5. Delegate. Give your kids or guests a small part of the Haggadah to prepare. They can look at a Haggadah with commentary -- or go to Aish.com and search. It involves them and makes them a part of the Seder rather than being an observer.
6. Have questions for discussion at the table! Passover marks the birth of the Jewish people. It's a time to reflect on the meaning, value and implications of being Jewish. Here are some questions to discuss:
- On a scale of 1-10, how important is being Jewish to you? Please explain.
- If your son, daughter, brother, sister, or best friend told you that they planned to raise their children without any Jewish education or identity, how would you react?
- If you thought the existence of Israel was in danger, would you risk your life to help save it?
- What do you like about being Jewish? What don't you like?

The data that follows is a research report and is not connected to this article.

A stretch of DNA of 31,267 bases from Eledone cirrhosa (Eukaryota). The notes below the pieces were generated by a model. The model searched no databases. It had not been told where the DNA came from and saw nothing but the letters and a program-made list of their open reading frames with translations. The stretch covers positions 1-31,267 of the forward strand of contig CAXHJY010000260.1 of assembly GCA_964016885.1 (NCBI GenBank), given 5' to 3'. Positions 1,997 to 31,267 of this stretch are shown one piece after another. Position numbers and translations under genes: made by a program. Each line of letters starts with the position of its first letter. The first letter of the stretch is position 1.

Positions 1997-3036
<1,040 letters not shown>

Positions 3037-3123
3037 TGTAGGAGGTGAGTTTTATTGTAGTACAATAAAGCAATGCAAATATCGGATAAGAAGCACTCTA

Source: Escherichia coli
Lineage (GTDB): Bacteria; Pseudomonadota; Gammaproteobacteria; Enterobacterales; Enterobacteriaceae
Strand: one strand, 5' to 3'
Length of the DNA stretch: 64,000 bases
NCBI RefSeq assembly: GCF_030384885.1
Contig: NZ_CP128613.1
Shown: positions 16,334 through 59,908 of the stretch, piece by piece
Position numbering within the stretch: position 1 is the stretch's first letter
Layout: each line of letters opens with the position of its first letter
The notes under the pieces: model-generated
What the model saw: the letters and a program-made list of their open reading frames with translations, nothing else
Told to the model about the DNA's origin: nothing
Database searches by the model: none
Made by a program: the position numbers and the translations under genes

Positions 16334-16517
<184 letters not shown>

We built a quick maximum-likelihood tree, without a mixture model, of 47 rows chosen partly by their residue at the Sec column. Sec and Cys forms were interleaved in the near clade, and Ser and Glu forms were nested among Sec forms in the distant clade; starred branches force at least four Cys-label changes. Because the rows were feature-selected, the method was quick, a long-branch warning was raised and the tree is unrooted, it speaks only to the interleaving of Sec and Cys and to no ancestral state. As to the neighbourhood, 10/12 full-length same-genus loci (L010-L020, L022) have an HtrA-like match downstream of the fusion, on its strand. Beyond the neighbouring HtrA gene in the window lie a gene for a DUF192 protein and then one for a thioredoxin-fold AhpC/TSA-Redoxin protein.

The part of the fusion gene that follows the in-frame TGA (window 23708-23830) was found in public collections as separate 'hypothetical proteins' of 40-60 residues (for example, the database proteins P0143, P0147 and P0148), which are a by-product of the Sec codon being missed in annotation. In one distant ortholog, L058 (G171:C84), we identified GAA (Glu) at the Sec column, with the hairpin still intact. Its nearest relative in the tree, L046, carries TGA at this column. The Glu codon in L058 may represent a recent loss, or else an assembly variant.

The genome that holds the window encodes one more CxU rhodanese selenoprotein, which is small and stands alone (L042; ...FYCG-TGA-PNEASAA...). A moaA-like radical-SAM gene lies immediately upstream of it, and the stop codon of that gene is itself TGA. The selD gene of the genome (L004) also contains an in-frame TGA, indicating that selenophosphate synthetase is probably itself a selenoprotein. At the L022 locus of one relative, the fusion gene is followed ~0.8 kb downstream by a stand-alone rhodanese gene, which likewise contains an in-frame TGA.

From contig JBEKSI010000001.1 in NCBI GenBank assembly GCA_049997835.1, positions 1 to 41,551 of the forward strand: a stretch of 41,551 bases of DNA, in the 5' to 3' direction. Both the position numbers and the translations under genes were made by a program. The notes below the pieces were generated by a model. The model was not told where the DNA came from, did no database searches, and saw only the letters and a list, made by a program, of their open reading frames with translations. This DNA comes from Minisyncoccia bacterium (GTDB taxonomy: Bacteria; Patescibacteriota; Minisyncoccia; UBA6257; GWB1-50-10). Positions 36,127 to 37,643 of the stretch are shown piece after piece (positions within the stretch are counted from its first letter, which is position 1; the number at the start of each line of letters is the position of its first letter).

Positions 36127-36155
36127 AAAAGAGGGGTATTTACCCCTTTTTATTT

- Is it important to you or for your children to have mostly Jewish friends? Why?
7. Spend time at Aish.com/pesach and AishAudio.com ... and for more on Pesach! And be sure to see the Aish video "The Google Exodus" -- What would the Exodus have looked like if Moses had the internet?
Torah Portion of the Week
Moshe relays the Almighty's commands to refrain from building the Mishkan (the Tabernacle or Portable Sanctuary) on the Shabbat, to contribute items needed to build the Mishkan, to construct the components of the Mishkan and the appurtenances of the Cohanim. The craftsmen are selected, the work begins. The craftsmen report that there are too many donations, and for the first and probably the only time in fundraising history, the Jewish people are told to refrain from bringing additional contributions!